Linda Solomon Wood to helm Canada's new online newspaper
Editor-in-chief of The National Observer wants to punch up energy and environment reporting in Canada: “Where there’s a gap, there’s an opportunity.”
Today Observer Media Group (OMG) announced that Linda Solomon Wood is leaving her role as editor-in-chief of the Vancouver Observer to become editor-in-chief of the National Observer.
Wood is CEO of the media company.
“We’re building a talented team of reporters, and our mission is to dig deep into energy and environment coverage, and report on issues that are being ignored,” says Wood.
"I'm very excited to welcome veteran investigative reporter Bruce Livesey to the team. Bruce will be leading our investigative reporting from Toronto. Mychaylo Prystupa, who has done an outstanding job of reporting on the environment for Vancouver Observer will be joining National Observer as well."
"And I'm very thrilled to announce that Sandy Garossino, founder of House of Parlance Media and known as the face of anti-casino citizen group 'Vancouver Not Vegas,' will take over my editorial role at the Vancouver Observer. Sandy will bring a fresh perspective to VO's coverage."
The recipient of the Vancouver Board of Trade’s 2015 Wendy MacDonald Award for Entrepreneurial Innovation, Wood has led Vancouver Observer to win two awards from the Canadian Journalism Foundation for "Excellence in Journalism," one in 2014, one in 2012. VO was a runner-up for the award in 2013.
Through slowly building advertising revenue, reader subscriptions and, more recently, crowdfunding, the Vancouver Observer's coverage grew from 1,000 monthly visits upon its launch in 2009 to one million visits in its biggest month during the Burnaby Mountain Kinder Morgan protests.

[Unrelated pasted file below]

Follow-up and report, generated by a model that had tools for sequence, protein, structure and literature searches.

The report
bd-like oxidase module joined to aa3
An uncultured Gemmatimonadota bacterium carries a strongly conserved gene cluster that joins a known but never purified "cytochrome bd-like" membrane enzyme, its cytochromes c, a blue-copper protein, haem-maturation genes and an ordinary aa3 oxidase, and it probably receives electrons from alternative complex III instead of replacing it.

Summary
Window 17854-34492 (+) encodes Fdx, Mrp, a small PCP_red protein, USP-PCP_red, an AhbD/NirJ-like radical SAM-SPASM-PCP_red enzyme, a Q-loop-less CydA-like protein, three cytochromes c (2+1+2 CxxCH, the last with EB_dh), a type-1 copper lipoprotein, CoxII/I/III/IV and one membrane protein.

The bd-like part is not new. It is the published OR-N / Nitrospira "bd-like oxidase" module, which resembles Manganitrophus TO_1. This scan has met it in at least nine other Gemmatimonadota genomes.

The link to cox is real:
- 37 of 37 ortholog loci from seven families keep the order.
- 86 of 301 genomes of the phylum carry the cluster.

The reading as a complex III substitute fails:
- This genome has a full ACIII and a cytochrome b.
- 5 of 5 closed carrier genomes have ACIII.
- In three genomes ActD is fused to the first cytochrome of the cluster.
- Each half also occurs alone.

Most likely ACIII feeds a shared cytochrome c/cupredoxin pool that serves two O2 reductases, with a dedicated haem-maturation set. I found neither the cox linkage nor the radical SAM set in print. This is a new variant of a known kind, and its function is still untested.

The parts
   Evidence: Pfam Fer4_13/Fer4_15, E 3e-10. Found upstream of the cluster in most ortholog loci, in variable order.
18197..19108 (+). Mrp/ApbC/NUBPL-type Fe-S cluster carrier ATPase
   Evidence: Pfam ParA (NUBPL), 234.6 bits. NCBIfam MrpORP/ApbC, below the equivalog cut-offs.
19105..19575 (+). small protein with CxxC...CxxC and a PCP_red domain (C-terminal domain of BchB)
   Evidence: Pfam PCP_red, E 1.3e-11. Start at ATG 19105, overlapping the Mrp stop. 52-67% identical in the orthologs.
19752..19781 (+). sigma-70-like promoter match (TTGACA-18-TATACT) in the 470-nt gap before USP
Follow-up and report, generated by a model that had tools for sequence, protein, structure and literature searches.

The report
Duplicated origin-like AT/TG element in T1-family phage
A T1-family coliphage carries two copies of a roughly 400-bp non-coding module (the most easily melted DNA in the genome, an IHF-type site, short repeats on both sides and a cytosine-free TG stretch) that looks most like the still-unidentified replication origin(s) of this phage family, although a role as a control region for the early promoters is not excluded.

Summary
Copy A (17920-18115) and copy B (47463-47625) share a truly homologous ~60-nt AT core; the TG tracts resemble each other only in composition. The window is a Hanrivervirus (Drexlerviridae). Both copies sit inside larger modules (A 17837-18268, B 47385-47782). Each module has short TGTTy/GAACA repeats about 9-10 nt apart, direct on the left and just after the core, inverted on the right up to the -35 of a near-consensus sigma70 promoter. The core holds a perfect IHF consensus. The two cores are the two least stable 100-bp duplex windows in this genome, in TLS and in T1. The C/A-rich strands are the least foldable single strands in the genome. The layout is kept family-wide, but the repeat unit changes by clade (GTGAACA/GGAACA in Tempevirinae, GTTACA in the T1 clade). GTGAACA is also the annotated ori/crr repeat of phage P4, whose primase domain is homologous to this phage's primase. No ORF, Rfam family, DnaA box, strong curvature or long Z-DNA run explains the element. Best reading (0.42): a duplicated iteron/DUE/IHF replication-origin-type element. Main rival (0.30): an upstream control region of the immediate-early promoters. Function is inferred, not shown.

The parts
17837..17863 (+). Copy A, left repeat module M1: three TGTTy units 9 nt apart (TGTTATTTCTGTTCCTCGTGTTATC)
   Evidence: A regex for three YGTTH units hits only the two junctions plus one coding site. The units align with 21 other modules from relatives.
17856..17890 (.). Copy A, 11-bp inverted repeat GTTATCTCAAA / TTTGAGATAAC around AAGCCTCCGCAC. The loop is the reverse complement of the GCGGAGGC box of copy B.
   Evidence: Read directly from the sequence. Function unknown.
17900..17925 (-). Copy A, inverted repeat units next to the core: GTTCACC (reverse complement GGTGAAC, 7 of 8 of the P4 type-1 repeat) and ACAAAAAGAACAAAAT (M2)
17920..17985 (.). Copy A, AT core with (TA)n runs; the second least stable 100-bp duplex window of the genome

Wood started her journalism career at the age of sixteen with an internship at The Greenfield Recorder in Greenfield, Mass., where she wrote obituaries and wedding announcements.
During a summer internship at The Tennessean, in Nashville, she worked under renowned progressive publisher John Siegenthaler. While working for Siegenthaler that summer, she won the United Press International (UPI) awards for Best Investigative Reporting and Best Public Service Reporting for a series of articles co-authored with Carolyn Shoulders on insurance fraud. The series, which focused on the insurance policies that would never pay and aimed at the poor, led to U.S. Senate hearings and legislative change.
"It was a heady experience for a kid not out of college," she says, "and there was no shaking me loose from journalism after that. No matter where I've been, or what else I've been doing, I've never stopped taking notes, interviewing people, hammering away at one keyboard or another, trying to get the story out."
She started the Vancouver Observer in 2009 on a laptop in her living room.
“I jumped into the opportunity of online journalism without really knowing where it would lead. People said ‘You can’t do it, you can’t make a business of online news work. You can't make it profitable,’” she recalls. "Last year, the company posted a profit.”
International resonance and a focus on innovative businesses
A dual citizen of Canada and the United States, Wood has lived in Paris and New York City, where she worked as a freelance journalist, travelling in Africa and Asia with a focus on women who were improving their societies against great odds.
Wood believes that National Observer will attract strong readership across the U.S.-Canada border.
And she says that as a woman-owned company, Observer Media Group is "pretty unique."
In 2010, Jenny Uechi joined Vancouver Observer as a reporter-in-training. Uechi took on the role of Managing Editor in 2011 and became a partner in Observer Media Group in 2012 with 20 per cent ownership of the company. Uechi will accompany Wood in the move to National Observer. "I can't imagine Observer Media Group without Jenny Uechi. She has been absolutely pivotal to our success."
Asked if the media company’s acronym, OMG, was an intentional nod to the well-known texting abbreviation, she laughs.
“I have four kids under the age of 19, so I knew. Of course, I could have made it Observer Media Corporation for 'OMC,' but I said no, let’s go for OMG. Why not? If I look back on what it's taken to get where we are today, it fits.”